“For it is by grace you are saved through faith, and this is not of yourselves; it is the gift of God. It is not by works, so that no one can boast.” Paul wrote these wonderful words in Ephesians 2:8-9, and they are one of the things that set Christianity apart from every other religion in the world. Only in biblical Christianity is a person saved apart from any works. In every other faith, our salvation depends in some way or another on us. We have to earn it. But for Paul, our salvation is a matter of grace.
But what is grace? I know a pastor who teaches extensively on grace, and he once thought to ask several people what they thought the word meant. The answers were revealing. One woman in particular thought grace meant gracefulness, as in beauty or charm. She thought that to be saved by the grace of Jesus meant that He was so graceful, so beautiful, so charming, that we were drawn to Him to live a better life, which resulted in our salvation! (As an aside, that view was held by some for a time in church history, so she isn’t the only person to have ever been confused on the meaning of grace.)
The Hebrew and Greek words we translate “grace” are hen and charis. Hen can be translated “favor” and refers to free and unconditional blessing, often used of God. Noah (Gen. 6:8), Joseph (Gen. 39:21), Moses (Ex. 33:12) and many others all found hen in the eyes of God. It is nothing less than God’s good will toward man. Charis is the Greek equivalent of hen. It is closely related to one of the words for “gift” (charisma) and has the idea of a freely bestowed blessing.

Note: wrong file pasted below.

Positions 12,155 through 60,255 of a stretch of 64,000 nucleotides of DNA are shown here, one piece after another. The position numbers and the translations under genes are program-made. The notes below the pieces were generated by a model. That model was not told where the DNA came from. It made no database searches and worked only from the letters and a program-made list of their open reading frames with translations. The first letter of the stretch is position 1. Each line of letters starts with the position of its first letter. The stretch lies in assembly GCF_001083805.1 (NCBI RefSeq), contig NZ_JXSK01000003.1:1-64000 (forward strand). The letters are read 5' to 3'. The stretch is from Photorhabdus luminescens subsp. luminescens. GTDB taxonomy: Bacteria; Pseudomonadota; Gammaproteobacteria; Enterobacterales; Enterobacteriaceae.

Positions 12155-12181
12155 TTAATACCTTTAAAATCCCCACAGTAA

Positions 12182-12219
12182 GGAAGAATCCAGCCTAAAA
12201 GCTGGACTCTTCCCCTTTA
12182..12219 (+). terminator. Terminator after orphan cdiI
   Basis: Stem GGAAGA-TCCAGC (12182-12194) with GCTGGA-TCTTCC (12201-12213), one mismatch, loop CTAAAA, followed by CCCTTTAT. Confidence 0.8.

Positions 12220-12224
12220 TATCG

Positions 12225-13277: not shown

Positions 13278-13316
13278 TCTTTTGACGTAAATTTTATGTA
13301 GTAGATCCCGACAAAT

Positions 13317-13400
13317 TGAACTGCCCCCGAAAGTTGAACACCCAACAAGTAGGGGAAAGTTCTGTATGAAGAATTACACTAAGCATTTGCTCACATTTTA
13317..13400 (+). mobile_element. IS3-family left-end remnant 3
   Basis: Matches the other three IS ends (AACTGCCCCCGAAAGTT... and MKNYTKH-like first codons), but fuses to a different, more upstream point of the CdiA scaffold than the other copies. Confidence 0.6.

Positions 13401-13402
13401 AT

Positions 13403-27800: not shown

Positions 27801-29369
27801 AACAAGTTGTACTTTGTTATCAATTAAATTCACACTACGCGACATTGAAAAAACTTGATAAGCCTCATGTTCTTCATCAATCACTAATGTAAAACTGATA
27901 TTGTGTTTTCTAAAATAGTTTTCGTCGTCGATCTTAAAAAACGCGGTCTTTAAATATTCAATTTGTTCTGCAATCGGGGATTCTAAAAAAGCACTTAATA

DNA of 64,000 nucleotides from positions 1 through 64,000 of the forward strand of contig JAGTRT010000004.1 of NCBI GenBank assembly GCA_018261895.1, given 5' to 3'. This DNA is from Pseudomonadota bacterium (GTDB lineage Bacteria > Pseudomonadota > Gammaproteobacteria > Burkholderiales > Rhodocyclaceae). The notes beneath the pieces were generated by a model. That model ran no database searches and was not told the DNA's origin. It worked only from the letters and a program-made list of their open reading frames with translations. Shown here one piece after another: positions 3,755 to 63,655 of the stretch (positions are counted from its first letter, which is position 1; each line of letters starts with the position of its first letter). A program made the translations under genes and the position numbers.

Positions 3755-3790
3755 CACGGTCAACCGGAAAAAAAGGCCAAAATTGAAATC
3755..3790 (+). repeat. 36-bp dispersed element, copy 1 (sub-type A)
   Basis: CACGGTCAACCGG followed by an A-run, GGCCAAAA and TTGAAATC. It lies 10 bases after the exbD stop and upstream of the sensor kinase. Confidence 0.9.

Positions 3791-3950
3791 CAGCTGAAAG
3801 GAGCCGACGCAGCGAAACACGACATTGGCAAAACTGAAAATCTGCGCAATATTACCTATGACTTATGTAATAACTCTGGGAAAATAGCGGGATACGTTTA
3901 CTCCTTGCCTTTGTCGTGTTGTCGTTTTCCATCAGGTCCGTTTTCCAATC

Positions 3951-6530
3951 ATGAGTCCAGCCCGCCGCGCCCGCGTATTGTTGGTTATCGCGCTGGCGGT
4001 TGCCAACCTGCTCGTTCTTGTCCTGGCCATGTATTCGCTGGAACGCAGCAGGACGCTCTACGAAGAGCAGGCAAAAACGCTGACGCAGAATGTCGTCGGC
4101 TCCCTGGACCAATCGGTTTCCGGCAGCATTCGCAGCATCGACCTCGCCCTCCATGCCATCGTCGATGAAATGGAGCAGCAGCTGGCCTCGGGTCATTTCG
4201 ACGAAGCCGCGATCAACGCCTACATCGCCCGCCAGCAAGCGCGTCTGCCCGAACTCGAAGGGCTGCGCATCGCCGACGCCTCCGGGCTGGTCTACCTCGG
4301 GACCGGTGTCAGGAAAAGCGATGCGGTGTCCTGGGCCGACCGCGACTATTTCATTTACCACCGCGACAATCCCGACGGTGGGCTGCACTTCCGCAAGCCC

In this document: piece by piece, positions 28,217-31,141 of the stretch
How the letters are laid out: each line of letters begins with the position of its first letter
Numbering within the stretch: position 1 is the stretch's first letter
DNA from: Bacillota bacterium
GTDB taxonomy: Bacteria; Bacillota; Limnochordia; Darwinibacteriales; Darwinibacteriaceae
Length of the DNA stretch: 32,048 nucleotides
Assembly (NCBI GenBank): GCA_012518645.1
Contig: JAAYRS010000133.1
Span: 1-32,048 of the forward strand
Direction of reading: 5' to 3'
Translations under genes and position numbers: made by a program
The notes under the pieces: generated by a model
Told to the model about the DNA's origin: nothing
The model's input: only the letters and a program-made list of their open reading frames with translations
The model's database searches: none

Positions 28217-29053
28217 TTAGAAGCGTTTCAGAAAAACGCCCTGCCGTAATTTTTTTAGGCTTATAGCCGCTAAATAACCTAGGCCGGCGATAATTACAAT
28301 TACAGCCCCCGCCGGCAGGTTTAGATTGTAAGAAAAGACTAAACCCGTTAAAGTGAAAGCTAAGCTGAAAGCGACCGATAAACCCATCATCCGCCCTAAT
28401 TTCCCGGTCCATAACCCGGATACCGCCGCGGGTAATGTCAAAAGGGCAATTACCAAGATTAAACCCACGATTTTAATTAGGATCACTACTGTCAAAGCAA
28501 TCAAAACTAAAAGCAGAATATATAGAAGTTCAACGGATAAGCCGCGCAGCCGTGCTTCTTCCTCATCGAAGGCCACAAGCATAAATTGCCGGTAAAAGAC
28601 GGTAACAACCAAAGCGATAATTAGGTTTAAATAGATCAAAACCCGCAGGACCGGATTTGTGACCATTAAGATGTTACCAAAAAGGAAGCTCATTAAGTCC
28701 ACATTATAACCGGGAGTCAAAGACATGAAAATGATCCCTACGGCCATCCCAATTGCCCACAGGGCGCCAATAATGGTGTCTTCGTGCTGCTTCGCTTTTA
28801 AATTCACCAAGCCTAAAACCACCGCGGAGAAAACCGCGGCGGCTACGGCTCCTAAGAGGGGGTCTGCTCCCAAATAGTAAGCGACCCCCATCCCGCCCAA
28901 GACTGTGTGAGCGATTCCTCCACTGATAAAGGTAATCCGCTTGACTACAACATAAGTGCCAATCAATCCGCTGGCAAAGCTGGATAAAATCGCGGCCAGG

Grace, in the biblical sense, has been properly defined as “unmerited favor.” It is the completely unearned, undeserved, good will of God. The moment we try to earn it a blessing from Him, it ceases, by its very nature, to be grace (Rom. 4:4-5; 11:6).
Few Christians have stopped to consider the how radical this idea is. Many of us are convinced that we have to do something to earn God’s favor. The idea of unconditional acceptance is so far from our own experience that it often offends us to imagine it. Yet this is the only means of salvation. It must be, because if God is truly righteous, then nothing we could do would ever be able to measure up to His righteous demands. Put simply, we are saved by grace or not at all!
Lewis Sperry Chafer put it best when he said: “Pure Grace is neither treating a person as he deserves, nor treating a person better than he deserves, but treating a person without the slightest reference to what he deserves.”
Are you relying on the grace of God, as given through Jesus Christ, for your salvation, or are you trying to do something to earn it? What are your thoughts? How different do you think our churches, in fact our world, would be, if those who had received God’s grace would begin extending it to others?